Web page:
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ARS Home » Northeast Area » Beltsville, Maryland (BARC) » Beltsville Agricultural Research Center » Food Quality Laboratory » Research » Research Project #440429

Research Project: Evaluation of Carboxamide Derivatives to Suppress Potato Sprouting as an Alternative to Current Dormancy Promoting Chemistries

Location: Food Quality Laboratory

Project Number: 8042-43000-016-004-S
Project Type: Non-Assistance Cooperative Agreement

Start Date: May 27, 2021
End Date: May 26, 2024

The objective is to utilize carboxamide derivative (CADs) compounds to target the problem of potato sprouting, and quality deterioration during postharvest storage. This collaborative study will facilitate industry changes to address new postharvest control alternatives. The collaboration will be fundamental for understanding responses of CADs across different cultivars used today and their potential applicability in storage.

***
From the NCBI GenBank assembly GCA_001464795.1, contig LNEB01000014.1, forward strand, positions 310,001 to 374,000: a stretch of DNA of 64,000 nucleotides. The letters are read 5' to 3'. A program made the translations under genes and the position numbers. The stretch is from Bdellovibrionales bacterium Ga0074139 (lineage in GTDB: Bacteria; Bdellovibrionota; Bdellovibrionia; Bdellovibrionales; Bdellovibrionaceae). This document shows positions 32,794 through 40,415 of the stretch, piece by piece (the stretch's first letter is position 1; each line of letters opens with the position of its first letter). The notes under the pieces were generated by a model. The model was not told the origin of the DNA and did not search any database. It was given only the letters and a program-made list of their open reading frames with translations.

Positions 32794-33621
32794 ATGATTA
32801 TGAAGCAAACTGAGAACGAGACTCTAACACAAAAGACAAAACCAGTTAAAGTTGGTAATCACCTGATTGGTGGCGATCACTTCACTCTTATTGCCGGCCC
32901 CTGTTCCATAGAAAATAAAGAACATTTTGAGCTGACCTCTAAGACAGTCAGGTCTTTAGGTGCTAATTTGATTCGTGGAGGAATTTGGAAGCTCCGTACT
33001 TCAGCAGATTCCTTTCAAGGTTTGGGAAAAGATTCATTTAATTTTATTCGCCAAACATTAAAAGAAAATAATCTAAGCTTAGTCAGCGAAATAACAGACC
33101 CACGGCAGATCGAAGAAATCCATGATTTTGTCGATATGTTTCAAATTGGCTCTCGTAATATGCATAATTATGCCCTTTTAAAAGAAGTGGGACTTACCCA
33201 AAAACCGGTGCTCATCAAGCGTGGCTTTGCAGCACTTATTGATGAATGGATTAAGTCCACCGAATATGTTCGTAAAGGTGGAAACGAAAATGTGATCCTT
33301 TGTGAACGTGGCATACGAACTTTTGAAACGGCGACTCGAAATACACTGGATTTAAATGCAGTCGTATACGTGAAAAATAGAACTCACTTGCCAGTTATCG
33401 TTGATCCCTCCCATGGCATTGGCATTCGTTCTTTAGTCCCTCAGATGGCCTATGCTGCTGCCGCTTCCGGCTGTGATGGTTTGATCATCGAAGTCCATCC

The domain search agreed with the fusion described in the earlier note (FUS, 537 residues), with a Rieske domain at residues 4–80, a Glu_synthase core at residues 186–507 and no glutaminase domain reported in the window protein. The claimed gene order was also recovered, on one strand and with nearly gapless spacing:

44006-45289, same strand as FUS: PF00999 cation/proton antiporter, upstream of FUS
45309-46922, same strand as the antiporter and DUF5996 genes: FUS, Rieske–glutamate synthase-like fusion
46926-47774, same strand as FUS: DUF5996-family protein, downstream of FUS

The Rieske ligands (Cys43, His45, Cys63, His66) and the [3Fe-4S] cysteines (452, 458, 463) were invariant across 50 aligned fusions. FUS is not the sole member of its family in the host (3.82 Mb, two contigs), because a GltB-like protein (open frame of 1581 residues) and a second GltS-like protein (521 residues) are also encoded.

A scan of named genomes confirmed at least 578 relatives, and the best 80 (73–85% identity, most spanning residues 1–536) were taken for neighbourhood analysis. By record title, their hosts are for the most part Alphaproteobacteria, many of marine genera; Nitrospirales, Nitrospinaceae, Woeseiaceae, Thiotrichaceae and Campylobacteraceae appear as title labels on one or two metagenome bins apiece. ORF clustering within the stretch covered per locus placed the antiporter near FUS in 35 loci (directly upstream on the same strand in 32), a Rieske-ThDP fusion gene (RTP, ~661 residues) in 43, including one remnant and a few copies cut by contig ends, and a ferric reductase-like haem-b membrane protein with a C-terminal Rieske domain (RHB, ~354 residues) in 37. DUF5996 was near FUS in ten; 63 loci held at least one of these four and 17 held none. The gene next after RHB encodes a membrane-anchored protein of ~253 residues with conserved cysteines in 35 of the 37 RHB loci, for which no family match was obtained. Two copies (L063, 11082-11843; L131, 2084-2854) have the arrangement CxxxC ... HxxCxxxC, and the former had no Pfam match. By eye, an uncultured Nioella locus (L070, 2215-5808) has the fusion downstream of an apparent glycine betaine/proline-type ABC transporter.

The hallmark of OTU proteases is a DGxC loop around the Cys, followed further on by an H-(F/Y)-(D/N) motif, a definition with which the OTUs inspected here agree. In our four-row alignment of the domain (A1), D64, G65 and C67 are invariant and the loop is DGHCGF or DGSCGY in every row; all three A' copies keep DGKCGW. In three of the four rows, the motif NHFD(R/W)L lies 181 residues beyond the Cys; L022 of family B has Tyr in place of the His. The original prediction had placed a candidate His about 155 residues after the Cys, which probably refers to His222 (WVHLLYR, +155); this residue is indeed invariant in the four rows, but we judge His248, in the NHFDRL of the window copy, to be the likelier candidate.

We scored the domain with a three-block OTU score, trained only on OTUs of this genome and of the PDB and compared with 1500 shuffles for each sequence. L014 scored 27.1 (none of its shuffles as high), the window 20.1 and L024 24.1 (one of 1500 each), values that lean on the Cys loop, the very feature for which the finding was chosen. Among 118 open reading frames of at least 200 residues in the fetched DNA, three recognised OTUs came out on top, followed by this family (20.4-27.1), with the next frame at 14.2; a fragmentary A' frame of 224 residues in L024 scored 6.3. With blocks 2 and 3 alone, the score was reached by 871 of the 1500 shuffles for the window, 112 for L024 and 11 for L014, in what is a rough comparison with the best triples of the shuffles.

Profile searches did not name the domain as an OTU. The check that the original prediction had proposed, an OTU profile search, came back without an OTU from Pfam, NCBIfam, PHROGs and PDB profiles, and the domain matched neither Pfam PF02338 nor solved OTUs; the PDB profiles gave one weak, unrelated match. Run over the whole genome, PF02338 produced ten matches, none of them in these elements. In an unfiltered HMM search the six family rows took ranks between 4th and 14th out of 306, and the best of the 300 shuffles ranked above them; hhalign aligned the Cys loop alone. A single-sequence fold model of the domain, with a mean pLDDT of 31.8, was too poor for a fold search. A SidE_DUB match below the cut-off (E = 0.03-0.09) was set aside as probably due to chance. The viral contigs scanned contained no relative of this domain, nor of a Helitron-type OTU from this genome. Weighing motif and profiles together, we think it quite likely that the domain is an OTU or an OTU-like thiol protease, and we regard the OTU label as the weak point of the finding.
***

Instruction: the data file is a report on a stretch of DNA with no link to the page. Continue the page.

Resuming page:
1. Potatoes, cv. Bintje, an early harvest variety, will be used to evaluate CADs as potential sprout inhibitors. The efficacy of CADs in suppressing sprouting will be compared with that of the widely used sprout inhibitor, CIPC and the naturally occurring hormone, ABA. At 0, 15, 30 and 45 days after harvest, cores cut from the tubers will be treated with inhibitors as above. The tuber cores will be sampled continuously in 4 to 5-day intervals and at the conclusion of the experiment (based on the sprouting behavior observed in controls and CIPC treated cores). 2. The three lead CADs, with their identified target rates, will be applied to whole tubers (cv. Ranger Russet and Russet Burbank) grown for their late season phenotype and dormancy potential in a simulated commercial storage at the Washington State University’s (WSU) postharvest physiology lab in Pullman, WA. Treated tubers will be evaluated for application timing and dosage rate to promote dormancy (objective 2). Generally, whole freshly harvested tubers sourced from the WSU research farm will be wound healed and held at 50°F storage to promote more rapid dormancy break. A randomized, factorial design with 3 replications of 6 tubers per rep will be treated at 0, 30, and 60 days postharvest with inhibitors. Application rates will be 50%, 100%, and 200% the proposed rate from Objective 1. Efficiency of sprout inhibitors to suppress sprouting will be visually assessed for each treatment and dormancy type based on sprout timing and the degree of sprouting (i.e., average sprout length). Sprouting will be monitored until all tubers have broken dormancy in the study or until 100 days postharvest. The success of the treatment will be determined by the extent sprouting was suppressed. For post-dormancy evaluations, the tubers will be sampled according to standard protocols at WSU for processing quality attributes (Objective 3). In short, tubers from Objective 2 will have a 3/8” steak fry cut from the center of the tubers for each treatment and fried in canola oil (375°F for 4.5 minutes) and the fry color will be assessed utilizing a photovoltmeter. Associated reflectance color will be correlated to the sugar profile (sucrose, fructose, and glucose) to determine if effects on tuber maturity can be observed. Amino acid profile will also be assessed to identify potential impact on the development of acrylamide with the associated treatments. Data will be recorded and analyzed accordingly so that recommendations will be generated for the potential use of CAD as a potential sprout inhibitor.